Нейрохимический анализ и фармакологическая регуляция кортикофугальных механизмов контроля ноцицептивных сигналов в афферентных путях

В. В. Чурюканов

Аннотация


Experimental and clinical data indicate that the cerebral cortex plays an important role in pain perception and endogenous antinociceptive system function. Moreover, the enhancement of descending inhibitory cortical control may be involved in the mechanisms of analgesic effect of some agents. The present study was designed to investigate the effect of cortical electrical stimulation (as a model of descending inhibitory control) on the behavioral and electrophysiological signs of nociceptive response, elucidate the mechanisms involved therein and evaluate the action of central analgesics (both opioid and non-opioid) on descending cortical control. In acute experiments on cats, the inhibitor y cortical influence upon neuronal activity produced by nociceptive stimuli (electrical stimulation of tooth pulp, C-fibers of afferent somatic nerves, afferent cardiac structures) was most marked after stimulation of the first and second sensory and fronto-orbital areas. In chronic experiments on rats, cortical stimulation reduced behavioral signs of visceral pain (writhing test) and also delayed the development of neuropathic pain syndrome along with lowering its intensity. μ-Opioid receptor agonists (morphine, fentanyl) potentiated the inhibitory cortical effect on the evoked neuronal activity. Pentazocine, which has pronounced κ-receptor agonist activity, was less effective. Naloxone eliminated the effects of both cortical stimulation and opioid analgesics. Serotonin receptor antagonist methysergide, as well as p-chlorophenylalanine significantly decreased inhibitory cortical control and the effect of opioids. Monoamine re-uptake inhibitors with analgesic properties (imipramine, fluoxetine) potentiated the inhibitory effect of cortical stimulation. Adreno-, dopamine-, acetylcholine-, GABA-receptor agents and antagonists of NMDA receptors had minor or no effect. Among non-narcotic analgesics, the cyclooxygenase inhibitors metamysole and ketorolak increased only moderately the descending cortical control of nociception. Thus, the cerebral cortex is able to control the nociceptive processing in different pain syndromes (somatic, visceral or neuropathic pain). Opioidergic and serotonergic systems play the key role in this control. Action through the cortical descending control is likely to be one of the components of the analgesic effect exerted by opioids and some other central analgesics.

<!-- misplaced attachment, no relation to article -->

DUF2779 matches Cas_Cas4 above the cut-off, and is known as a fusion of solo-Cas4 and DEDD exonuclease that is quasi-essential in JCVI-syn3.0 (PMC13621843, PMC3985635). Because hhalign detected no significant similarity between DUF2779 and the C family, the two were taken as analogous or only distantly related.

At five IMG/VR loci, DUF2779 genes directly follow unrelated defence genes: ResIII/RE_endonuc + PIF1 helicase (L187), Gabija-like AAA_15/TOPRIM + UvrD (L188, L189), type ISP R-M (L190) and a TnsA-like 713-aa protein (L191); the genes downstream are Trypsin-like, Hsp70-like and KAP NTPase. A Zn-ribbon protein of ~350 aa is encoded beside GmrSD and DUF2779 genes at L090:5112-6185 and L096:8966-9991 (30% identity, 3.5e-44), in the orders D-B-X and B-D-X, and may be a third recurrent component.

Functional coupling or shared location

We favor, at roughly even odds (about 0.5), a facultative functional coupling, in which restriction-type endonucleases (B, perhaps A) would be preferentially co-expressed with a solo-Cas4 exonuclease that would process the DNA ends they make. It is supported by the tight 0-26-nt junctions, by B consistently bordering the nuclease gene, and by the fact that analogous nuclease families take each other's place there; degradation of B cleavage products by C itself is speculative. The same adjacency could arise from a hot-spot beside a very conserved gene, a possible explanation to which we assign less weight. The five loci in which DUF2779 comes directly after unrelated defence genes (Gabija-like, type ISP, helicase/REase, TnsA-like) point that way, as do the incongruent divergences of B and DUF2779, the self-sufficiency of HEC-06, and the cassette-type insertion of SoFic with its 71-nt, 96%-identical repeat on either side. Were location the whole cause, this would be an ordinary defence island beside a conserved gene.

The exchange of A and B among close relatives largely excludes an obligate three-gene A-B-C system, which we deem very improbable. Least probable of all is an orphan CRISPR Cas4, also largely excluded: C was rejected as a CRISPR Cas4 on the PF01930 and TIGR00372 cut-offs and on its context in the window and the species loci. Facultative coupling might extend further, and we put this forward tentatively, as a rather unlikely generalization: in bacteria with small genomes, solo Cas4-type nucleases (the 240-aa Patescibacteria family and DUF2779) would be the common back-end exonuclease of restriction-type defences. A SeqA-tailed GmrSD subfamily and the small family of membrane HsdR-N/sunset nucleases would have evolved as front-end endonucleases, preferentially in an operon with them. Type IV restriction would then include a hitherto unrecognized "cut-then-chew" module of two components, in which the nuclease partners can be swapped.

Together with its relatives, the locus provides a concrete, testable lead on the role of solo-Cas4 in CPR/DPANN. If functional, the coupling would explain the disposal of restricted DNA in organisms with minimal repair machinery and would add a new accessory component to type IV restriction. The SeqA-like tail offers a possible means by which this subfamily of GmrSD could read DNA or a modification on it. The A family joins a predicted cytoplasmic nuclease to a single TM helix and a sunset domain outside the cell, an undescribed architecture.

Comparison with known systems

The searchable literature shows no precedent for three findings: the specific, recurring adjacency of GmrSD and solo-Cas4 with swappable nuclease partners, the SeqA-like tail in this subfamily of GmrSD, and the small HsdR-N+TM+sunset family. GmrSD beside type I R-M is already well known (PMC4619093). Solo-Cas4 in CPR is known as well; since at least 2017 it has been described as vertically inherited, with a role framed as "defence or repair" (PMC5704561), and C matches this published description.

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DOI: https://doi.org/10.30906/0869-2092-2003-66-2-24-31

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